Sunday, November 23, 2003

poetry or pretension?

My Life As a Fake by Peter Carey. Knopf. $24

By Jason Overdorf
(This book review appeared in the Far Eastern Economic Review in November 2003).

THERE ARE NO MORE interesting characters than the genius and the fraud. Of the two, the fraud--who abhors messy perspiration, preferring instead a single, bold, elegant stroke of inspiration--is of course the more compelling. Just such a trickster is the central figure of My Life as a Fake, the latest novel from Man Booker Prize winner Peter Carey, a tale based on a literary hoax that occurred in Australia in 1944.

In the real story, two clever writers opposed to the abstruse direction taken by modernist poetry set out to prove the ignorance of its proponents. To this end, they cobbled together a fake poem from the flotsam and jetsam of some famous poets, titling it The Darkening Ecliptic. They submitted their work to an avant-garde Australian literary magazine called Angry Penguins under the pseudonym Ern Malley. The magazine's editor, who accepted and published the poem, was not only humiliated when the trick was revealed, but in a bizarre twist of events, he was taken to court for violating Australia's obscenity laws.

In Carey's fictional version, a lone poet named Christopher Chubb had perpetrated his hoax long before the novel begins. Chubb conjured up a rustic autodidact called Bob McCorkle and submitted his poem to an imaginary Australian magazine named Personae, hoping to show once and for all that the editor couldn't tell poetry from pretension. But Chubb's spiteful hoax proved more disastrous than he intended. Disgraced in print and in court, the editor of Personae killed himself. After the suicide of his pilloried victim, Chubb drops off the map for decades.

Enter London poetry magazine editor Sarah Wode-Douglass, the book's narrator, who discovers Chubb while she is on holiday in Kuala Lumpur. He now works as a bicycle mechanic--the career he facetiously devised for McCorkle. Chubb is covered in scabs and possesses a single, threadbare suit. But he still has something to hook Wode-Douglass with. He tempts her with a page of poetry that promises it might just be the real thing: literary genius.

"It was a poem, or part of a poem, composed in those thick rhythmic downstrokes which would later become, if only briefly, so familiar," Wode-Douglass explains. "I read with a full consciousness of the old man's history. I approached those twenty lines with both suspicion and hostility, and for a moment I thought I had him. It was a sort of Oriental Tristan Tzara, but that was too glib a response to something with very complicated internal rhymes . . . It slashed and stabbed its way across the page, at once familiar and alien. I wondered if the patois--Malay, Urdu--was disguising something other than cod Eliot. But that did not fit either, for you really cannot counterfeit a voice. All I knew now, in my moment of greatest confusion and suspicion, was that my heart was beating very fast indeed."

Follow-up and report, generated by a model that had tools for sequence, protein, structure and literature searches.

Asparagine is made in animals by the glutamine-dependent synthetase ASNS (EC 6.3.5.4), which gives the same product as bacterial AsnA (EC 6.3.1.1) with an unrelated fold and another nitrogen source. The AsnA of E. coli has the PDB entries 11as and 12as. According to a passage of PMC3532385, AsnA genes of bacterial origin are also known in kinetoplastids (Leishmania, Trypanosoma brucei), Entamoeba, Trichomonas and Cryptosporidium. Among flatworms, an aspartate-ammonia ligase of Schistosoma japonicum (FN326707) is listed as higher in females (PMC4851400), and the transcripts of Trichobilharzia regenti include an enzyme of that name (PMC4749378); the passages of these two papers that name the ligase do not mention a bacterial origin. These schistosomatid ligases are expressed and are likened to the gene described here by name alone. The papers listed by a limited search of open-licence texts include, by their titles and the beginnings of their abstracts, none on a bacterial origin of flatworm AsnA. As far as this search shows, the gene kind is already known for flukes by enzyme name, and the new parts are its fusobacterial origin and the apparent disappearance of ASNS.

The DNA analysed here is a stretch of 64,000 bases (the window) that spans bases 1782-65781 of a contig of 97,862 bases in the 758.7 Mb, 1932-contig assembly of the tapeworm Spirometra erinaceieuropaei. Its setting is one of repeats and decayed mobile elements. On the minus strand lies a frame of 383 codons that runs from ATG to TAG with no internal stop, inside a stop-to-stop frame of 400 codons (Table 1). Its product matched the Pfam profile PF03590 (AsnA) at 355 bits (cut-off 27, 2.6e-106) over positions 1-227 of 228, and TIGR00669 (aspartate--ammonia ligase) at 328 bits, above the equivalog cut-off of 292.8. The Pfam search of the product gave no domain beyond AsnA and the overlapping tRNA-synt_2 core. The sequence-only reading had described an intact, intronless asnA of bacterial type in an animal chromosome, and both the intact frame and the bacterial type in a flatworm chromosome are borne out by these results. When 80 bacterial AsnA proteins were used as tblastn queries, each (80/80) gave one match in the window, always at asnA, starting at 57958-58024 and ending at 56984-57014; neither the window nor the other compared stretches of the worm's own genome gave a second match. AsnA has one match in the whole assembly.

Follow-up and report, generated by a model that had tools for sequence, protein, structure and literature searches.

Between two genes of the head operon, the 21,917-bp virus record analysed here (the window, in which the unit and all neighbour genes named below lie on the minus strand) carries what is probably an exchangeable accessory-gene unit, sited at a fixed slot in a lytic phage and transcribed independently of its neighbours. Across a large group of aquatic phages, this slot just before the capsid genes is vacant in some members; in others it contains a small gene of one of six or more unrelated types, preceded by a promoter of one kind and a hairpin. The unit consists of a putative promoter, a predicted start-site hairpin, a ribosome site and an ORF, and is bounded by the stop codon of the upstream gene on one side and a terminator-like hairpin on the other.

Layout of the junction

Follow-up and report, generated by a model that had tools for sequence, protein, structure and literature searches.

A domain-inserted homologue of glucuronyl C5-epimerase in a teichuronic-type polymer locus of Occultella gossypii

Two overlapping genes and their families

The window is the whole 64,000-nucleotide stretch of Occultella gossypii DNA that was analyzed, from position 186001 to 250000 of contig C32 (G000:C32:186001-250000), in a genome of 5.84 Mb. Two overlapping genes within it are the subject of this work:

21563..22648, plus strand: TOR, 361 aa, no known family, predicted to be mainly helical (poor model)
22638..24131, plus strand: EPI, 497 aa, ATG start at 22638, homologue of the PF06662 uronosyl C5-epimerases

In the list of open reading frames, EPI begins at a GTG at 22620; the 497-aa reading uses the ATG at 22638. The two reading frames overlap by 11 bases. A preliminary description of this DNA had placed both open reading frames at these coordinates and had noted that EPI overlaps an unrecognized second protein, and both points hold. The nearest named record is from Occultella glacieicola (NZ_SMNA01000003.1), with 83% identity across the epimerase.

As coy as any poet's mistress (and certainly more so than any poet), Chubb refuses to show Wode-Douglass the entire poem until she listens to the story of its origin. He insists that it was not he who wrote it, but the real Bob McCorkle--a Frankenstein's monster who literally stepped into the world fully grown from the hoaxer's imagination. Wode-Douglass is wary of becoming the victim of a second, more astonishing, scam, but no matter who the author is, the brilliance of the page of poetry she has seen is undeniable. Perhaps Chubb is a madman, but she must know if he is a genius. She must read the entire work. And for that reason, she must listen to the trickster's tale, the heart of My Life as a Fake.

Like the monsters of Mary Shelley's Frankenstein and Robert Louis Stevenson's Dr. Jekyll and Mr. Hyde, Bob McCorkle seems at once his creator's true self and his worst nightmare.

Though Chubb ostensibly fashioned the pseudonym to expose the stupidity of Australia's search for its "authentic" poet, in doing so he discovered and set free from the rigid confines of his Anglophile's body the very Australian voice he'd denied existed. In Wode-Douglass's words, Chubb's own poems are "priggish, self-serving, snobbish," while McCorkle's have "wildness," "nasal passion" and "the sense that nothing on earth can matter but a poem."

Imagine Chubb's horror. A literary snob, an exposer of fake artists, and he brings to life an alter ego more talented than himself, a genuine prodigy! Writers--notorious for their envy--shudder at the idea. They know the difficulty of the struggle for a real, honest, new voice, as well as the mixture of torture and joy in discovering that another has triumphed in it. But Chubb's trial is not limited to burning jealousy. His nemesis, hating his creator as monsters will, kidnaps Chubb's daughter and leads him into exile in the jungle, eventually forcing him to take on the working class penury he mocked with his hoax.

Carey, who won Booker prizes for Oscar and Lucinda and The True History of the Kelly Gang, is one of those rare writers whose works are greeted with nervous anticipation, for fear he might one day falter. But My Life as a Fake does not disappoint and Carey once again proves his formidable talent. Though the novel's pace bogs down a bit in the last third, this intelligent and playful work combines a witty reflection on the nature of art and a compulsively readable colonial adventure story with look-Mom-no-hands virtuosity.

One can hardly escape the impression that the author has staked his claim to being his country's Bob McCorkle and its Christopher Chubb: An unpretentious, genuine Australian voice and a clever, deceitful magician. This is very fine work--truth at its most feigning--and Carey performs without a net.